Activity Classes: Find the Right Fit


Colleen, a mother of two from Wilmington, DE, knew she had found the right activity for her 5-year old son Shane, when he asked continuously about his next guitar lesson. “He would repeat over and over, ‘I can’t wait to go to guitar,’” she reports. Although people advised her that her son was too young to learn guitar, lessons at We Kids Rock kept him engaged and enthusiastic.

It isn’t easy to find the right class for your child. There are many choices, and families must contend with issues such as over-scheduling, cost and transportation. But classes also can provide high rewards, from helping high-energy kids to develop physical dexterity to building social skills for shy preschoolers. Here are suggestions by age to find a class that fits your child.

A Parent’s Tip

For Marianne Moore, mother of three sons from Wilmington, DE, the grapevine is the best source of information to find the right activity for your child. “Even go ask someone at the playground, ‘What do you do?’” she advises. “We got lots of great advice that way.”

Toddlers & Preschoolers

“You pretty much can’t go wrong with a toddler, as long as it’s age appropriate,” says Therese Walden-Murphy, director of the West Chester Studio for Performing Arts. The goal is just to get toddlers moving and interacting with other children. Because young kids learn from nearly everything, any sort of mental stimulation is good.

Little kids are sometimes fickle, says Bill Currier, owner of We Kids Rock in Wilmington. “Never assume that they’re not having fun,” says Currier. He also notes that “9 times out of 10 if the parent enjoys the class, the kids will enjoy it too.”

Elementary-Age Kids

“Some kids have a tendency to be interested in anything and everything,” says Walden-Murphy. They can also be mercurial. “They can hate something one minute and love it the next,” notes Gary Klosner, director of Dynamic Language Services in Haddonfield, NJ. Parents must help their child narrow the choices. Your child’s body type may help you to evaluate whether she has an athletic build, dancer’s legs, or nimble fingers for playing an instrument.

Tweens and Teens

Older kids will usually give you the straight story about what activities they like, says Katie Opher, program manager for the Center on Central in Paoli, PA. Before signing up for a class, Opher recommends gauging your tween’s or teens’ energy and schedule to see if a new activity makes sense. Take into consideration homework and other extracurricular activities.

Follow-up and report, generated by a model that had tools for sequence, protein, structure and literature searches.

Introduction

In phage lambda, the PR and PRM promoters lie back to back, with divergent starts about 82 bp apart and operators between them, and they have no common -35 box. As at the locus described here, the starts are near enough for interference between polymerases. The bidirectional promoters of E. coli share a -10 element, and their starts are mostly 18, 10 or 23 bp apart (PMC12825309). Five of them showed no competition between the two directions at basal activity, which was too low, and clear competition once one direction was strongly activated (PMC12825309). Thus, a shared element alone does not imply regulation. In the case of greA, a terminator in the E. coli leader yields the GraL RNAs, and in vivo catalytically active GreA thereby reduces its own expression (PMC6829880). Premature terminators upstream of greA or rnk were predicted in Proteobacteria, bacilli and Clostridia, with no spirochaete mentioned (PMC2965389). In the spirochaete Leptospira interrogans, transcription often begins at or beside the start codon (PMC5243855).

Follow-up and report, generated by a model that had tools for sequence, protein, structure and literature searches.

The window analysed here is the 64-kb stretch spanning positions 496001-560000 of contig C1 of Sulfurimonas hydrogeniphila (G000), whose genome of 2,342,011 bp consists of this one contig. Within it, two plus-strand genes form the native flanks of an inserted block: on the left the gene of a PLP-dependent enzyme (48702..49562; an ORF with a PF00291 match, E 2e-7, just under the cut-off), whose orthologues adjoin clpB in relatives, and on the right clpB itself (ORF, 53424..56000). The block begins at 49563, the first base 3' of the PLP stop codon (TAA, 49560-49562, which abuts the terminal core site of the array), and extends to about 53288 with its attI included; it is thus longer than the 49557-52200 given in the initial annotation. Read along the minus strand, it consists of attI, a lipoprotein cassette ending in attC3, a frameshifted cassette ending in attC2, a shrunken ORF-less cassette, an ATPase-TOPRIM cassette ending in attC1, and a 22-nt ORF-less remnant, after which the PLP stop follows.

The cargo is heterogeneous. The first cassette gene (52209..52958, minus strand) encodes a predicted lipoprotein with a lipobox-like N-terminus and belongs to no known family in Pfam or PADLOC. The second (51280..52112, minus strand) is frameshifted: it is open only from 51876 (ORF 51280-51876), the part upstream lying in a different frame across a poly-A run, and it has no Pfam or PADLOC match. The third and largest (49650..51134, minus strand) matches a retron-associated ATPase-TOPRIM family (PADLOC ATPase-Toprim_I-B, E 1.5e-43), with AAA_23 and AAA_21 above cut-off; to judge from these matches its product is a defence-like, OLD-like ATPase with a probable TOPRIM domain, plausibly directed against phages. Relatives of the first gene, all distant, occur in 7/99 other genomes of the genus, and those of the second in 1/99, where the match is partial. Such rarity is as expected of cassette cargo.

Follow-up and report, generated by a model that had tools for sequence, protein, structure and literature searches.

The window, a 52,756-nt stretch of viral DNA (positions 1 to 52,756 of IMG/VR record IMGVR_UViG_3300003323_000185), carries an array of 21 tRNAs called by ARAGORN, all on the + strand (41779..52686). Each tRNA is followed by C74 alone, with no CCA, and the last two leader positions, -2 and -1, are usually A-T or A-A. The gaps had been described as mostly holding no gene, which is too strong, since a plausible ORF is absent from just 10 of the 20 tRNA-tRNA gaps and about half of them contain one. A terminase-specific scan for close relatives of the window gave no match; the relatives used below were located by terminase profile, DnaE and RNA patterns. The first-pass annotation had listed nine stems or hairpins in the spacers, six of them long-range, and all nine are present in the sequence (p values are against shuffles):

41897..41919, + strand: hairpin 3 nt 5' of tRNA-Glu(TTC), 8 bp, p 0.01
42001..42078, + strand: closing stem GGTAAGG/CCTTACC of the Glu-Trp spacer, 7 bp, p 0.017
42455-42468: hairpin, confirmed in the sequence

The Right Fit for You Too

Andrew Hoff, owner of Tri-State CheerNastics in New Castle, DE, advises parents to consider time and financial commitments that will be required. How often will kids be expected to practice and how often will they compete / perform? Will there be expenses for equipment, shoes, costumes, uniforms, competitions or travel? Learn “exactly what you’re getting into,” says Hoff.

How Long Should Kids Stick with It?

For older kids, many parents try to get their kids to stick with an activity for the full session or season. For younger kids, parents and instructors advise to try the class at least four times. “Give it a try. Really give it a try,” urges Walden-Murphy. However, most of the time, parents have a good read on what their children will like, says Klosner. “99% of the time, it works out,” he says.

For kids who really don’t like an activity class, “There’s a fine line between encouraging them not to quit, and causing anxiety,” says Opher. Antonia Keg, mother of two girls who are students at the West Chester Studio for the Performing Arts, has encouraged her daughters to see activities through to the end. “You don’t want to let people down, from a teamwork perspective,” says Keg.

While you want to encourage children to try new things, don’t force the issue. Hoff notes that if kids don’t like the activity, their attention span isn’t great during the class, causing a distraction for other kids. If they don’t want to be there, there’s really no benefit beyond the exercise.

Suzanne Koup-Larsen is a contributing writer to MetroKids.


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